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bycatch

Koehn and Allison Launch Inaugural Research Grant

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Koehn and Allison Launch Inaugural Research Grant

This fall, PhD Student Zach Koehn and Eddie Allison, along with faculty from the School of Public Health and the School of Aquatic and Fisheries Sciences, were selected to lead one of 5 inaugural pilot grants from the University of Washington’s Population Health Initiative. The Initiative encourages interdisciplinary problem solving at the intersection of human health, environmental resilience and socioeconomic equity. The grant will support Zach’s PhD research linking fisheries and food systems to address diet-based public health issues facing US West Coast communities.

Selected from a pool of more than 60 projects, this project will evaluate whether low-value or bycaught fish can enter local markets in areas with low income or low access to affordable healthy foods. On the project, Koehn noted "in low-income coastal populations, access and availability of healthy foods can be low, and there is a high incentive for people to substitute towards more affordable, but energy-dense nutrient poor food. Cost-effective bycaught species can provide a competitive alternative particularly for rural coastal communities where fishery landings are high. Unfortunately, there is little guidance on how fishery managers and related institutions can operationalize these goals towards equitable population health outcomes, particularly for tribes or low income and diaspora populations with traditional reliance on seafood." 

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"One Person's Trash is Another Person's Dinner": Jack Cheney to present at AAG Annual Meeting

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"One Person's Trash is Another Person's Dinner": Jack Cheney to present at AAG Annual Meeting

In just one short week MARINA Master's student, Jack Cheney will be presenting his talk entitled, "One Person's Trash is Another Person's Dinner: niche seafood species making a splash in American seafood systems" at the Association of American Geographer's (AAG) Annual Meeting in Chicago. Originally inspired by a class taught by Dr. Allison called Fish in the Global Food System, Jack's presentation will provide a first look at the paper he and Dr. Allison have co-authored on the topic. Jack will present within a session titled, "Taste of the Sea: an exploration of seafood and place in three courses" and for a 'taste' of what he'll be sharing, check out their abstract below.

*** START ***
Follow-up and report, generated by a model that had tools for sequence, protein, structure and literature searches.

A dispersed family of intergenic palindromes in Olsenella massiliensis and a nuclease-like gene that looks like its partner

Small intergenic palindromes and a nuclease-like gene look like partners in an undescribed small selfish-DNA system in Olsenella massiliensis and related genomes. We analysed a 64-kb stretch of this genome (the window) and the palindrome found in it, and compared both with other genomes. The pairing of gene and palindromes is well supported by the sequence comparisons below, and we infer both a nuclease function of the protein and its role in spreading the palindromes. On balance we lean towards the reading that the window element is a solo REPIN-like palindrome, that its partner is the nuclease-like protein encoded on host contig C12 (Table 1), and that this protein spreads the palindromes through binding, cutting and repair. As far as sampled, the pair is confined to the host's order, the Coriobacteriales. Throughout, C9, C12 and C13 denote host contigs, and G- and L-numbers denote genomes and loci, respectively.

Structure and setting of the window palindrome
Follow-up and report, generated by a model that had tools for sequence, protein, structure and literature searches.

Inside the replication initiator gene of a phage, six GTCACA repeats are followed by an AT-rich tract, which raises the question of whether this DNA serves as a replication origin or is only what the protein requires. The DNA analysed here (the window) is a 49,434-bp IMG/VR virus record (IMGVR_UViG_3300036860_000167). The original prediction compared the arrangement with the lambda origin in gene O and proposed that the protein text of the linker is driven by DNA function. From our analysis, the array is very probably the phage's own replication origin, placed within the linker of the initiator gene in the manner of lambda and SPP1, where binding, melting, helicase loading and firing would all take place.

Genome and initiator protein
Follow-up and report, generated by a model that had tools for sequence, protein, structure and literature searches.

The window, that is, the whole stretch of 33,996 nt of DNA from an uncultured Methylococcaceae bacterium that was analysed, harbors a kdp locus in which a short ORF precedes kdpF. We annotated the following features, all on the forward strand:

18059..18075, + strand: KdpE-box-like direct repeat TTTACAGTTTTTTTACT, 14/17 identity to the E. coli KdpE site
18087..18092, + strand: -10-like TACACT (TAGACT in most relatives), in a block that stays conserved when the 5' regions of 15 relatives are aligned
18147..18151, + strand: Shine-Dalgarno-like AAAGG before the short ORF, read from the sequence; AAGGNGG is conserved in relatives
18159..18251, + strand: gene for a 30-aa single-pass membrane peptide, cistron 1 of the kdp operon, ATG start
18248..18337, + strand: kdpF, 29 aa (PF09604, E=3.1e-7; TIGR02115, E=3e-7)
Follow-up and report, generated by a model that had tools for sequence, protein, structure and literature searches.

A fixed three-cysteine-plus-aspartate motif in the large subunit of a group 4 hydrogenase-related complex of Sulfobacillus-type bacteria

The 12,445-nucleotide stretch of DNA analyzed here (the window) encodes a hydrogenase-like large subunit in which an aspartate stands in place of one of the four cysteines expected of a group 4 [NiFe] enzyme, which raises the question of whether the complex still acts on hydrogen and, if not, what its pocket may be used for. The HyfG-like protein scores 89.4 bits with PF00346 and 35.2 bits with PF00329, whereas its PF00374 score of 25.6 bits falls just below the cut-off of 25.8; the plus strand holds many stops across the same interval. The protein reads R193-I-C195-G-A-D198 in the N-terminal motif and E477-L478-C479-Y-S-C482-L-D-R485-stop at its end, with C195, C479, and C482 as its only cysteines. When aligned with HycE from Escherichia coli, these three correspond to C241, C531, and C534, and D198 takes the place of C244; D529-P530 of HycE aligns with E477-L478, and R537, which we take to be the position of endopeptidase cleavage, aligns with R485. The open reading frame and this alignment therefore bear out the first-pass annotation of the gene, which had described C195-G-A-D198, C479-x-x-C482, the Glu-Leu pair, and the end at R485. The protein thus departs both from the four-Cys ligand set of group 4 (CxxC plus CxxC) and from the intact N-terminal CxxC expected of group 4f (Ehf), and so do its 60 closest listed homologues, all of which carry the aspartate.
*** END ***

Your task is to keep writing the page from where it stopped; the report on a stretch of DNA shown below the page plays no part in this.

Approximately 90% of seafood consumed in the US is imported, and in 2012 the average American ate nearly 14% less seafood per year than was eaten in 2006. Despite recent economic and biological improvement in domestic fish stocks, commentators, like bestselling author Paul Greenberg, consider the US seafood system to be 'broken' and lament that Americans have lost touch with their marine resources. However industry testimony suggests that while seafood consumption at home is decreasing, Americans still love to eat seafood at restaurants. A recent trend in the fine-dining sector called the "Trash Fish Movement" (TFM) offers a means to explore this consumption paradox. A merger of chefs and fishermen, the TFM utilizes underappreciated, niche marine species to create new conceptions of haute cuisine. This presentation will review the progress the TFM has seen in recent years and evaluate its ability to ripple through the seafood supply chain. A review of the original trash fish: lobster, and recent trends in food television as well as the notion of the "citizen-consumer hybrid" suggest that if properly informed, Americans can be eager and adventurous seafood consumers. The TFM may encourage a return to more adventurous home consumption as well as having broader implications for sustainability of domestic fisheries.

Photo of bycatch care of seachoice.org.

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